An Afternoon on the Fife Coastal Path East of Cellardyke
A rushed (and unprepared for) lunchtime start led to a severe case of backpack rage as I tore various badly fitting items out of the various sized compartments of my Kata camera pack to stuff them into the single cavity of my orange Lowe alpine…only to haul them back out again to stuff them unceremoniously back into the overflowing Kata! Eventually the dedicated camera backpack contained all the necessary items for the trip…if not in the most logical of pockets. My mood had turned foul; we’d lost half an hour already.
…there was a refuse lorry that crawled its way towards the East Neuk of Fife who wasn’t for letting anyone past. I was stuck behind that for miles.
…driving through the old narrow lanes of Cellardyke, and only a few hundred metres from my start point, it suddenly occurred to me that I’d left FD’s water supply back at the house.
…it was turning into a piggin’ awful day!
By a strange coincidence (and more than a moderate amount of clumsy literary contrivance) it turned out to be a real pig of a day! Just outside Cellardyke, in the fields rising upwards from the foreshore, huge snuffling pink grunters littered the slope, closely followed by squealing nursery groups of bouncing mini-grunters. We stopped to watch, or at least I did.
The Fatdog ignored the oversized, food gobbling, creatures. She had been dragged to Fat Club and was suitably outraged at the implication. She turned her head away from the tubby grunting masses to face the sea.
Contrary to my expectations there was a total absence of pig-pong. In fact I don’t recall much of any sort of smell coming from the trotter tramped fields. Unlike Cellardyke itself.
The most noticeable feature of the Cellardyke car park was the nose tweaking stench, the deeply rotten fetid stink that you fervently hoped was merely rotting seaweed and not the contents of a poorly maintained Victorian sanitary system. The picturesque natural pool at the edge of town smelled like a Delhi Games privvy
The weather promised much but delivered little. The cloud began to lift and thin and a tentative sun threatened to appear. It peeked out briefly from behind grey clouds but reckoned that was as far as it was prepared to go. It was a maybe-sun. Not a great day for photographing the landscape. Mind you it wasn’t a particularly great landscape to photograph. Sea, flattish rocks, path, then gently sloping fields. Once away from the old town of Cellardyke the scenery for the next mile or so was a trifle turgid…the pig farm being the obvious exception.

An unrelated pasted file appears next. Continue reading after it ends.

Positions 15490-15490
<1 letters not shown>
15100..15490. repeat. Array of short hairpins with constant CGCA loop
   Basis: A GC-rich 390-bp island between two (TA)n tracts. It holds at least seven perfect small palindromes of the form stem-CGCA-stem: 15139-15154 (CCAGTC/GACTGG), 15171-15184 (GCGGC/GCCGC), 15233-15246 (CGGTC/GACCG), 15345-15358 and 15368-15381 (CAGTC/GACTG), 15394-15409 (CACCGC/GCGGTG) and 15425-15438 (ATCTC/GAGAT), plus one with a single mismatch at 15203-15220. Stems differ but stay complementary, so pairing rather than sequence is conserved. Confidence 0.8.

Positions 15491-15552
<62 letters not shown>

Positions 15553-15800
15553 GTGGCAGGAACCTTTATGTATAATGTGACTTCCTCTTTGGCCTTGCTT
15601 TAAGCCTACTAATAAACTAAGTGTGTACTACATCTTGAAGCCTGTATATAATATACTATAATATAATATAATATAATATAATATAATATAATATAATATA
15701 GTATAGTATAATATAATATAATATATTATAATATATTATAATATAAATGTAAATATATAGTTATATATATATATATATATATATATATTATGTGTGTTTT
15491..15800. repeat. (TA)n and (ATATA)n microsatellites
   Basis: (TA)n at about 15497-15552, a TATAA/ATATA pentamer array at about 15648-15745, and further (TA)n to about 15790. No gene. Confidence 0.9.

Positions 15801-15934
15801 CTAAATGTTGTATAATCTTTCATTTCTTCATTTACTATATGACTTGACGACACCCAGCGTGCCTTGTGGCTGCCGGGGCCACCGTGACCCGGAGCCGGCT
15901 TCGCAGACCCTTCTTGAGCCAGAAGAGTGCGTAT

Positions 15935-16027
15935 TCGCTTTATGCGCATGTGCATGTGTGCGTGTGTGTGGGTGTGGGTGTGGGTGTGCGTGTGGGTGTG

I looked seaward for something interesting at which to point the camera and found a cormorant family perched on a nearby rock.
A Brief Treatise on the Observing of Burdz
My birthday binoculars worked well. On occasions I’ve carried an ancient inherited pair but the weight had been horrendous as had been the well-knackered focussing mechanism. The clear images produced by my new Pentax pair were, by comparison, an absolute joy.
Conversely my efforts to identify the various bird species inhabiting the shoreline proved not to be an absolute joy. In fact they were somewhat pitiful.
I could see the bird (a glorious start) and mentally noted its size, shape, colour etc, but when it came to checking to see what variety it was; by the time I’d pulled my glasses back down from my forehead, rummaged into the pack for my Dorling Kindersley Illustrated Book of Burdz, found roughly what type it might be…I’d forgotten what the feckin’ thing looked like in the first place! This process was to be repeated numerous times with very little improvement at identification on my part.
As we stuttered our way along the coastal path, me stopping every 50m or so to look at something new The Fatdog, who (in the past) used to stand absolutely still whenever I stopped, developed a routine of collapsing dramatically in a sighing heap every time either the camera or the binoculars were hauled out. Clearly someone’s patience was wearing thin.
The highlight of the walk had to be the unexpected sandstone cliff jutting from the now raised fields, outwards towards the shore. Weathered layers of yellows and pinks decorated wave formed columns, holes and caves, all crammed into one small outcrop. It seemed as random as Ayers Rock with nothing similar on view in either direction. The Fatdog seemed to enjoy the exploration as much as I, sniffing her way around the various nooks and crannies until she was satisfied that there was no food left behind by previous visitors…or no previous visitors left behind that might have doubled as food.
Had there been just a touch of bright, low sunshine even I could have managed a couple of decent photos. As it was I had to make do with the pathetic glimmer of today’s maybe-sun.
I checked the watch. It was fairly obvious we weren’t going to make Crail and back to Cellardyke before dark, having dithered about so much with the camera and the binoculars. My stomach was telling me it was time to head back. The Fatdog’s stomach was rumbling in agreement.
As we began our trek back to “The Tank” the maybe-sun finally fizzled out altogether and daylight began to wind down towards the end of another day. At an old stone stile we stopped for tea and biccies. A definite chill now crept off the sea in the gathering breeze. I pulled on my fleece and, sitting tea in hand, a calm cosiness descended. Today there was a definite sense of peace and of winding down…no doubt in the knowledge that the car was only a short stroll away.
As we wandered back past the porker production plant my thoughts turned to how the day had eventually turned out. All in all I reckoned we’d made a decent fist of what had started out as, in this case, a piggies dinner. By way of celebration I tossed a treat to the ambling Fatdog.
“Oink!” came back the happy reply.